Watch To Find Out Why Tesla Gigafactory Is The Key To Tesla’s Future


Tesla invested in high-volume production first.

The Verge recently had the opportunity to visit the Tesla Gigafactory in Nevada, which currently is 30% complete.

The video presents the huge plant, which is the biggest site for automotive lithium-ion battery production in the world, as well as to talk about production bottlenecks, over-automation and future potential.

Elon Musk was right to announce the biggest battery investment in the world several years ago. The bold goal, combined with quick implementation, enabled it to become the biggest electric car maker and put the Model 3 in first place in terms of sales. Others only now see how to do it right and are starting to build new capacity.

“Elon Musk’s Gigafactory is arguably the most important thing that Tesla makes. The 1.9 million-square-foot factory in Sparks, Nevada, is only 30 percent complete, but it’s already on track to make 60 percent of the world’s lithium ion batteries — and Tesla plans to build more Gigafactories around the world. The Verge took a look inside.”

Categories: Tesla, Videos

Tags: , ,

Leave a Reply

8 Comments on "Watch To Find Out Why Tesla Gigafactory Is The Key To Tesla’s Future"

newest oldest most voted

I’m actually impressed how in a six minute video I now know less than I did before I watched it

Another Euro point of view

Your comment got me curious so I watched it, Yes a completely hollow video made to fill hollow time of hollow people.

Well than you fit fit right in /s.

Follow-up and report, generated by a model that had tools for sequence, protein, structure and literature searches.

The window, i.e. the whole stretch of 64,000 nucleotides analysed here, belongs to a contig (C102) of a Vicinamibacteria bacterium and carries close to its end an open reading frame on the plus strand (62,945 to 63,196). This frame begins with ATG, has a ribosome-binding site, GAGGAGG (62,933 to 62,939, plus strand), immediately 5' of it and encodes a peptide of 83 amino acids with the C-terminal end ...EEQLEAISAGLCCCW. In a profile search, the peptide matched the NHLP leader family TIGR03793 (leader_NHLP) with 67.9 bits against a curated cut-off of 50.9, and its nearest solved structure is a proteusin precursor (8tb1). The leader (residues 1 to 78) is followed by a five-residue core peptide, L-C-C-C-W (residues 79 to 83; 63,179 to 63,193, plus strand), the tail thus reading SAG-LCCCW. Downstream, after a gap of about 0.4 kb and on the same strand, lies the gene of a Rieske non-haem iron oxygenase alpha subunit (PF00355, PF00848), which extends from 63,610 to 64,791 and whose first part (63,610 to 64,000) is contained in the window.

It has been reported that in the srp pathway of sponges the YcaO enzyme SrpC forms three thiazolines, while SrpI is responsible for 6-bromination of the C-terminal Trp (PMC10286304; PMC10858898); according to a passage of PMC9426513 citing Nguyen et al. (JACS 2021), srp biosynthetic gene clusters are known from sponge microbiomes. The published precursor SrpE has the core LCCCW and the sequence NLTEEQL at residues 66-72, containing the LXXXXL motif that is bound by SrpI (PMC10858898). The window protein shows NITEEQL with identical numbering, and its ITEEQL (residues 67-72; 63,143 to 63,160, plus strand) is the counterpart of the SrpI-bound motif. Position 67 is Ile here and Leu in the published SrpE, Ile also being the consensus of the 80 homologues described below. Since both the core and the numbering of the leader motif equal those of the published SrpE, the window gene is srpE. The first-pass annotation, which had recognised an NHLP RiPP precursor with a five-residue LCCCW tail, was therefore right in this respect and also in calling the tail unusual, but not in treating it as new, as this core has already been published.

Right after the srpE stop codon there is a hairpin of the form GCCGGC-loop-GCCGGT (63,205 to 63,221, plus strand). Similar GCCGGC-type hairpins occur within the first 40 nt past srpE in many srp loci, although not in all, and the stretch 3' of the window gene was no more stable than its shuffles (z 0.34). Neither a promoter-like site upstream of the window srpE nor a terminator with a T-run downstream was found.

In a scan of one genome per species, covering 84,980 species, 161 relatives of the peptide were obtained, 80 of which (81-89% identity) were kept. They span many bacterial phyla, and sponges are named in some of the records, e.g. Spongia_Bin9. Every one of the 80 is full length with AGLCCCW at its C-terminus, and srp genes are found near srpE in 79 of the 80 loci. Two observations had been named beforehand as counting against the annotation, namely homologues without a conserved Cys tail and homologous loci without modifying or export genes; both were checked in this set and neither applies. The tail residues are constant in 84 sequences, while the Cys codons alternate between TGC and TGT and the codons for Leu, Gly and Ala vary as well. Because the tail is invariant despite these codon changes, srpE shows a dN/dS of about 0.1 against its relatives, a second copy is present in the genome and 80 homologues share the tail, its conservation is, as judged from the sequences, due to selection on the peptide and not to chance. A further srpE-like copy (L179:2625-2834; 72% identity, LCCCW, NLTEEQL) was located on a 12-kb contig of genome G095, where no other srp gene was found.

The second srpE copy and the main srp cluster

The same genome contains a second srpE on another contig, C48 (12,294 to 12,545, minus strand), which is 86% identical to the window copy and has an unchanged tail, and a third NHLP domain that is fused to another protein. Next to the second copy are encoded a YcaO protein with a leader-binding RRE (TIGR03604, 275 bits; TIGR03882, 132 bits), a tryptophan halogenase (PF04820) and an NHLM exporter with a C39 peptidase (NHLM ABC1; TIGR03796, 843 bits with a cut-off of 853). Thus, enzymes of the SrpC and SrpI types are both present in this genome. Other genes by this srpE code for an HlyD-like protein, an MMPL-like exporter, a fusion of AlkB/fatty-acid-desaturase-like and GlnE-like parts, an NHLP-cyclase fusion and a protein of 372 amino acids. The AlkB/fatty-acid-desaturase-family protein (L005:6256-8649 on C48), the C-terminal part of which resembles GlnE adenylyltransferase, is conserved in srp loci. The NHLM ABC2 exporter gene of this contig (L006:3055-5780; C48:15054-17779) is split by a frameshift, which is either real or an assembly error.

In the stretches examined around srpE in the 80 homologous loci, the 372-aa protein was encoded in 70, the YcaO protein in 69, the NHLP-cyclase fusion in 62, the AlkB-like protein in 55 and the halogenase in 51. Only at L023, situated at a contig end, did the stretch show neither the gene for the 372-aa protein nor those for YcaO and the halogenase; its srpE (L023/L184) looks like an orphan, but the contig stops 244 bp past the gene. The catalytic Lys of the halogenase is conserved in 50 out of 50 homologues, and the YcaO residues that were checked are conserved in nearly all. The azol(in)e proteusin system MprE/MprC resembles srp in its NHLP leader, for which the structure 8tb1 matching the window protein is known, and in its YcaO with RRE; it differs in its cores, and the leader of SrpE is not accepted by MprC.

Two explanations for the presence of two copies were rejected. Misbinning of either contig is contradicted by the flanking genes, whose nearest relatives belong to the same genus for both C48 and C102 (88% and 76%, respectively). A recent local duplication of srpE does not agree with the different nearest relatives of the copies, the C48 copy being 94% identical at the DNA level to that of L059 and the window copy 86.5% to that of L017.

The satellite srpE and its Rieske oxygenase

I do wish Tesla’s in house team would do some deep dives into the factories. Now that GF2 is ramping up it would be great to see a video showing the production line.

It was fine presentation and very informative. What did you expect? Them to reveal their trade secrets in 6 min video?

@John, I was happy to read your hallow opinion. I had not known that Gigafactory 1 is modular and still not fully built out. It’s actually a prudent way of bootstrapping a company’s limited capital for Capex needs. When I was getting my MBA degree at NYU, my Operations professor was also a restaurant consultant and gave examples of why start-up restaurants mostly fail: Too much of capital was sunk in the new restaurant. It was not uncommon for naive individuals to lose hundreds of thousands to millions in a new restaurant. A new restaurant has too much capacity (seats) when it opens and needs to expand capacity (e.g. add seats) as the business grows. So growth is a challenge. John, if you studied how company expanded their manufacturing plants, they generally start a new plant. I never read about an actual case (e.g. case study) of a plant adding modules as it expands. Here’s the Gigafactory economics: Get an anchor tenant such as Panasonic to secure cash flow (and if I’m not mistaken Panasonic also provided capital for Gigafactory 1) and expand factory in piecemeal basis as Tesla business picks up over time, respectively. The best part is Tesla… Read more »

Thanks for that interesting and thoughtful analysis.

And yes, Panasonic is providing part of the capital investment to construct Gigafactory 1. Not the building itself, but the production equipment inside.

We live in Reno and would love to have our club be able to get a tour of the factory. Could someone post a contact name and number or email address to contact regarding setting up an appointment for a tour of the factory? Thank you!